In the last few years, African countries have witnessed a rise in remittance inflows as there has been widespread migration from Africa. According to data from the United Nations, eight out of the ten fastest-growing migrant populations are from sub-Saharan African nations. These expatriate communities are now playing a key role in building African economies.

Positive economic outlook

Recent research from the Institute of Chartered Accountants in England and Wales (ICAEW) reveals that Nigeria is one of the biggest recipients of remittance in Africa, closely followed by Egypt. Nigeria received $22 billion (or 29%) as total remittances in 2017, predominantly from the Gulf, the United States and the United Kingdom.

The report says that East Africa, with a GDP forecast of 6.3%, will remain the continent’s best-performing region, while the economic outlook is said to be positive for West and Central Africa, Franc Zone, Northern Africa and Southern Africa.

According to the World Bank’s Migration and Remittances report issued in April 2018, remittances to sub-Saharan Africa grew from $34 billion in 2016 to $38 billion in 2017, and continued growth is expected for 2018 and 2019. However, high transfer costs are the downside of remittance inflows, since it is more expensive to send money to sub-Saharan Africa than anywhere else in the world. In Q1 2018, the World Bank reported an average cost of 9.44% across the region.

There is also a high level of financial exclusion in Africa as international money transfers tend be controlled by a handful of financial institutions. What options are available for better money transfer services, ease in transmission and value for money, as remittance inflows to Africa and between African countries, are on the rise?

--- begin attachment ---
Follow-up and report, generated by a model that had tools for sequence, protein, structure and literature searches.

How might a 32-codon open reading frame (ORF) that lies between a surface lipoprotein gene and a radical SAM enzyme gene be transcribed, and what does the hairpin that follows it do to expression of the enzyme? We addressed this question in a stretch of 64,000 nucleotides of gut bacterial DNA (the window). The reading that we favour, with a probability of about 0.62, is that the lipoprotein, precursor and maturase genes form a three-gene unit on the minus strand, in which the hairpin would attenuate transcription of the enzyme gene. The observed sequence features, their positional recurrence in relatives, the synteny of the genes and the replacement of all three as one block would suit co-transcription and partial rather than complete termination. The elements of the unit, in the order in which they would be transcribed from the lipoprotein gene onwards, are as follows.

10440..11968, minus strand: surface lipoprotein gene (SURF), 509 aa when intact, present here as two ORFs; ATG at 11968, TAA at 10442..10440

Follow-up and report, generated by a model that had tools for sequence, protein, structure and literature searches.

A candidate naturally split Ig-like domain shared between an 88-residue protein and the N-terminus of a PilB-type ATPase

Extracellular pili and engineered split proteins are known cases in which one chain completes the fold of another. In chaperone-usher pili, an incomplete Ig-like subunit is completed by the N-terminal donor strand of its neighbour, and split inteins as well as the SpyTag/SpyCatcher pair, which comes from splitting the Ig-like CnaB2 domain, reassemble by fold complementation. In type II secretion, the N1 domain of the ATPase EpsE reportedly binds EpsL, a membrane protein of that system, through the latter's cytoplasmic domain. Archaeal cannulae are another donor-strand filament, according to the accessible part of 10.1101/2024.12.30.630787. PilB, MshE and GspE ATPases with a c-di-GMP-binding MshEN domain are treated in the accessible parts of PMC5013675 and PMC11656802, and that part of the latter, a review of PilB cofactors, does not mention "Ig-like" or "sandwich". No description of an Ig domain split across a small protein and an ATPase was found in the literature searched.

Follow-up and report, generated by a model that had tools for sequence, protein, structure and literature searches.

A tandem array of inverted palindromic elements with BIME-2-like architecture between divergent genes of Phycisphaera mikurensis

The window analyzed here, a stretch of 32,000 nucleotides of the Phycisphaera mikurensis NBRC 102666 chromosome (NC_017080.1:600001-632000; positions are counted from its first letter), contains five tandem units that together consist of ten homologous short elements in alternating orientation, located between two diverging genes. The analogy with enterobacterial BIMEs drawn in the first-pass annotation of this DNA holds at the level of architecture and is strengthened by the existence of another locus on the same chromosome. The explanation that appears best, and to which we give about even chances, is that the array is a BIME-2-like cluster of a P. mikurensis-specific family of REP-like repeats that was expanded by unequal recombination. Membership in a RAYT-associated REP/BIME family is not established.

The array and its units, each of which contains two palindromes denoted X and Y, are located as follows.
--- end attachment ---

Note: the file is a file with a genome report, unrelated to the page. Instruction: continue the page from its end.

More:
Building cost-effective remittances

International Money Transfer Organisations (IMTOs) can help reduce costs while increasing accessibility, security and versatility. For example, Xpress Money is partnering with financial institutions across Africa and providing customers with more choice. It is working with a wide range of banks, telcos and non-banking financial companies (NBFCs) and has more than 8150 agent locations to make it simple and economical to transfer funds. This network is expected to increase upto 10,000 by 2019.

Among Xpress Money’s partners are leading financial players such as Cooperative Bank of Kenya, DFCU Bank in Uganda, I&M Bank in Rwanda, ADB Bank in Ghana, FBN in Senegal, Real Transfer in Namibia, Commercial Bank of Ethiopia, Diamond Trust Bank and Kenya Commercial Bank.

Because Africa is one of the early adopters of digital remittances, Xpress Money is extending mobile money transfer services across the continent. The IMTO has services including Cash to Cash and Account Credits, so that its customers have a range of services to choose from. Instant, affordable, and secure are few more reasons why the African diaspora prefer to use money transfer services by the company. Whether you choose to receive money in cash, into an account or on your mobile wallet, Xpress Money provides a wealth of choice for the banked and the unbanked. Throughout Africa, it is creating an infrastructure that ensures that more money will flow cost-effectively across borders and support local economies.


This post first appeared on the Xpress Money blog.

Back to Insights